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surrogate

[n., adj. sur-uh-geyt, -git, suhr-; v. sur-uh-geyt, suhr-] /n., adj. ˈsɜr əˌgeɪt, -gɪt, ˈsʌr-; v. ˈsɜr əˌgeɪt, ˈsʌr-/
noun
1.
a person appointed to act for another; deputy.
2.
(in some states) a judicial officer having jurisdiction over the probate of wills, the administration of estates, etc.
3.
the deputy of an ecclesiastical judge, especially of a bishop or a bishop's chancellor.
4.
a substitute.
adjective
6.
regarded or acting as a surrogate:
a surrogate father.
7.
involving or indicating the use of a surrogate mother to conceive or carry an embryo:
surrogate parenting.
verb (used with object), surrogated, surrogating.
8.
to put into the place of another as a successor, substitute, or deputy; substitute for another.
9.
to subrogate.
Origin
1525-1535
1525-35; < Latin surrogātus, assimilated variant of subrogātus; see subrogate
Related forms
surrogateship, noun
surrogation, noun
Dictionary.com Unabridged
Based on the Random House Dictionary, © Random House, Inc. 2014.
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Examples from the web for surrogates
  • Many people have kinda social surrogates, it is might be called as new social evolution in this time.
  • There may prove to be practical value to moon habitation, but beyond that, robots will have to be our surrogates.
  • In space, as in the deep oceans, human discoverers will yield to machine surrogates.
  • Second, as surrogates the candidates for vice president help us to evaluate the presidential candidates.
  • It is not a distinguished venue for statesmen or their surrogates to spend their time in.
  • His surrogates have spent the week talking him up and bashing his opponent.
  • They said she relished the chance to serve as one of the president's chief surrogates on critical policy matters.
  • After all, the bankers or their surrogates wrote the law.
  • He has no clear surrogates who can claim to speak for him, thus furthering his influence.
  • The harsh rhetoric and bluster that always come from their government, or its surrogates, is incendiary and inappropriate.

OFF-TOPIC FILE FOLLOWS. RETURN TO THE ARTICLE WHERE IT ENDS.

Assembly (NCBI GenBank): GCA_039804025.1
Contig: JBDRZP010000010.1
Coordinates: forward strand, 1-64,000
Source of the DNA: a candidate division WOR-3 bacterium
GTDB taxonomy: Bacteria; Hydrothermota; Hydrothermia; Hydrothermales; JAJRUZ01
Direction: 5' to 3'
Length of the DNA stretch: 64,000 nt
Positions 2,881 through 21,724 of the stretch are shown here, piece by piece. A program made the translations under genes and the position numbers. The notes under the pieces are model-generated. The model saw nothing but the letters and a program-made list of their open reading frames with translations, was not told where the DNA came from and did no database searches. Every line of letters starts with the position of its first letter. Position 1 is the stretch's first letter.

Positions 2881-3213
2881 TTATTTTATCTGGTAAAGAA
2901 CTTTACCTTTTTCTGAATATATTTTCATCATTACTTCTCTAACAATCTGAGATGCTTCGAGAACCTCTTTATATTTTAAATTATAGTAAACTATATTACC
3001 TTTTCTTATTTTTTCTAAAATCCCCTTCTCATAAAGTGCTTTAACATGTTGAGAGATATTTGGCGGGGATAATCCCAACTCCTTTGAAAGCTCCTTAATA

British Dictionary definitions for surrogates

surrogate

noun (ˈsʌrəɡɪt)
1.
a person or thing acting as a substitute
2.
(mainly Brit) a deputy, such as a clergyman appointed to deputize for a bishop in granting marriage licences
3.
(psychiatry) a person who is a substitute for someone else, esp in childhood when different persons, such as a brother or teacher, can act as substitutes for the parents
4.
(in some US states) a judge with jurisdiction over the probate of wills, etc
5.
(modifier) of, relating to, or acting as a surrogate: a surrogate pleasure
verb (transitive) (ˈsʌrəˌɡeɪt)
6.
to put in another's position as a deputy, substitute, etc
7.
to appoint as a successor to oneself
Derived Forms
surrogateship, noun
surrogation, noun
Word Origin
C17: from Latin surrogāre to substitute; see subrogate
Collins English Dictionary - Complete & Unabridged 2012 Digital Edition
© William Collins Sons & Co. Ltd. 1979, 1986 © HarperCollins
Publishers 1998, 2000, 2003, 2005, 2006, 2007, 2009, 2012
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Word Origin and History for surrogates

surrogate

n.

early 15c., from Latin surrogatus, past participle of surrogare "put in another's place, substitute," from sub "in the place of, under" + rogare "to ask, propose" (see rogation). Meaning "woman pregnant with the fertilized egg of another woman" is attested from 1978 (from 1972 of animals; surrogate mother in a psychological sense is from 1971).

Online Etymology Dictionary, © 2010 Douglas Harper
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surrogates in Medicine

surrogate sur·ro·gate (sûr'ə-gĭt, -gāt', sŭr'-)
n.

  1. One that takes the place of another; a substitute.

  2. A person or an animal that functions as a substitute for another, as in a social or family role.

  3. A figure of authority who takes the place of the father or mother in a person's unconscious or emotional life.

  4. A surrogate mother.

The American Heritage® Stedman's Medical Dictionary
Copyright © 2002, 2001, 1995 by Houghton Mifflin Company. Published by Houghton Mifflin Company.
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